Relatives of victims of the Tiananmen massacre of civilians by China's People's Liberation Army (PLA) on June 4, 1989 marked the 30th anniversary of their loved ones' death on Tuesday, under close surveillance by the authorities.
You Weijie, spokeswoman for the Tiananmen Mothers victims' group, posted video footage of several of its members lighting white candles in memory of their loved ones to social media, Tiananmen Mothers member Zhang Xianling told RFA.
"Every year around June 4, we lay wreaths for our lost relatives at the Wan'an public cemetery," Zhang, who is currently under round-the-clock surveillance by China's state security police, said.
"We refuse to keep a low profile, although we have never tried to have a high profile either," said Zhang, whose 19-year-old son died in the military assault on Beijing that began on the night of June 3, 1989. "We do what we need to do."
Nonetheless, the authorities have targeted the group's members for surveillance and curbs on public commemoration, year in, year out, for the past three decades, Zhang said.
"They didn't want us to gather together, but we protested about that, and so we were eventually allowed to get together," she said. "We were going to get together this year regardless of what they said or the measures they took."
"We keep up our resistance, keep up the fight, but in a peaceful, rational and non-violent manner, not [actually] fighting them," Zhang said.
The ruling Chinese Communist Party styled the 1989 student-led democracy protests a "counterrevolutionary rebellion" and "political turmoil," and the families of victims are demanding a re-evaluation of that verdict, as well as compensation and a public inquiry into the massacre, with the aim of holding the leaders of the time responsible.
Public memorials and discussions of the events of June 1989 are still largely banned in mainland China, with activists who seek to commemorate the bloodshed often detained, with veteran dissidents placed under police surveillance or detention ahead of each anniversary.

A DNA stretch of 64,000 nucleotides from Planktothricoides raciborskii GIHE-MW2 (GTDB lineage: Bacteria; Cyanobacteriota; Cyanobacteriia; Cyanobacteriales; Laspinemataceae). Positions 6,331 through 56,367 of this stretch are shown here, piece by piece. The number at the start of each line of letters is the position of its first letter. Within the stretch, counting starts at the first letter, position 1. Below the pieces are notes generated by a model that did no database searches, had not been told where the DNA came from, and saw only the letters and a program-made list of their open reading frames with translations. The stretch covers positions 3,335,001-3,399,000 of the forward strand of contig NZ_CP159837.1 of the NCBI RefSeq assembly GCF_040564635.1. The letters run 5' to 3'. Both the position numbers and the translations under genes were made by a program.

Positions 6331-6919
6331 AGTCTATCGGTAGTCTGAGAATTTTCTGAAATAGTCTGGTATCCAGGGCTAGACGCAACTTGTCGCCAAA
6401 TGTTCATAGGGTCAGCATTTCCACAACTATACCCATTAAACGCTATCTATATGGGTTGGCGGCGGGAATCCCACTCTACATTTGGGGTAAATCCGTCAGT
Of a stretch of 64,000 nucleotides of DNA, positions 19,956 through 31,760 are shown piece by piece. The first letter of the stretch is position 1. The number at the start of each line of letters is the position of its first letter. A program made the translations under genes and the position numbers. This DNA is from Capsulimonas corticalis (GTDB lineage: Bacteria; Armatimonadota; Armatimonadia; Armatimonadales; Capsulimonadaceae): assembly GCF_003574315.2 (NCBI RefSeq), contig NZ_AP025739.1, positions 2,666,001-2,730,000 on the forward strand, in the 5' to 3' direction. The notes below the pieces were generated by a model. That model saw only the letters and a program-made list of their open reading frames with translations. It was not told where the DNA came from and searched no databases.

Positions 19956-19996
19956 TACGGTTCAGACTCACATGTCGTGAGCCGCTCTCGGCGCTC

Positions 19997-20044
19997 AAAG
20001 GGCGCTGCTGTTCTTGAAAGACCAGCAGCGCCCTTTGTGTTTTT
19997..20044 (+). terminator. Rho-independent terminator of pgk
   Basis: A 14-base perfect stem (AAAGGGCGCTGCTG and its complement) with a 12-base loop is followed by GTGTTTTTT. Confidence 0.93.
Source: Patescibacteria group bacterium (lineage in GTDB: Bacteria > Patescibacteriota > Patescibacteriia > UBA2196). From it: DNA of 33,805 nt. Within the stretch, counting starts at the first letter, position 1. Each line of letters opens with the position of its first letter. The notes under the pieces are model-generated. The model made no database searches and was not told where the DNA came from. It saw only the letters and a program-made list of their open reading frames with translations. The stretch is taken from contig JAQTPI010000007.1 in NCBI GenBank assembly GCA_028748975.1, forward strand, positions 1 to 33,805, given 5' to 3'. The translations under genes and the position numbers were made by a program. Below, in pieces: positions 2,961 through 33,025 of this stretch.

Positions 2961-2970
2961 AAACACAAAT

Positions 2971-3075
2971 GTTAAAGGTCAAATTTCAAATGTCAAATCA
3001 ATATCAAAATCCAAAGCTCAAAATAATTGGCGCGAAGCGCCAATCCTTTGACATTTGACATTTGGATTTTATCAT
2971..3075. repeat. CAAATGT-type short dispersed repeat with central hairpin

The Tiananmen Mothers have been writing to China's National People's Congress (NPC) with their demands annually for more than 20 years, but have never received any kind of reply, only police restrictions.
Anger, grief and heavy-heartedness
Zhang said she has spent the past 30 years experiencing anger, grief and heavy-heartedness.
She cited a recent official history of the post-1979 era of economic reforms as typical of the attitude of the current leadership under President Xi Jinping, which sticks to the ruling party's description of the weeks of peaceful, student-led protests on Tiananmen Square as "political turmoil" and "counterrevolutionary rebellion."
Zhang said the official verdict is a distortion of history, and called once more for a full inquiry, compensation and for those responsible for the massacre to be held to account.
Meanwhile, Beijing-based Zhang Baocheng, who was among a group of dissidents detained in April 2013 for posting a commemorative photo of themselves ahead of that year's massacre anniversary, has been detained and his home searched, sources said.
"They searched his home and apparently there was a firearm," a friend of Zhang's said. "It's pretty serious, anyway."
"They took away his computer and cell phone. We haven't seen any legal document yet detailing the formal reason for his detention," the friend said. "But the anniversary is fast approaching, so it could be [to do with that]."
And Hunan-based activist Ou Biaofeng was taken away on an enforced "vacation" by police to stop him from giving media interviews in the run-up to the anniversary, former rights activist Xie Wenfei told RFA.
"Ou Biaofeng was taken away to Kunming on vacation a few days ago," Xie said. "His usual cell phone number has been switched off."
"It's to stop him from talking to international media during the run-up to June 4," he said. "Some other people have been called in for chats [with police], so they know the score."
The death toll from the night of June 3-4, 1989, when PLA tanks and troops entered Beijing, opening fire on unarmed civilians, remains unknown to this day.
While the Chinese government once put the death toll at "nearly 300,"it has never issued an official toll or list of names.
A 2009 map published by the Tiananmen Mothers listed more than 250 names garnered from confirmed eyewitness accounts and hospital records of those known to have died in the days after June 3, but it is unlikely to be an exhaustive account of casualties.
Reported by Wong Lok-to for RFA's Cantonese Service, and by Gao Feng for the Mandarin Service. Translated and edited by Luisetta Mudie.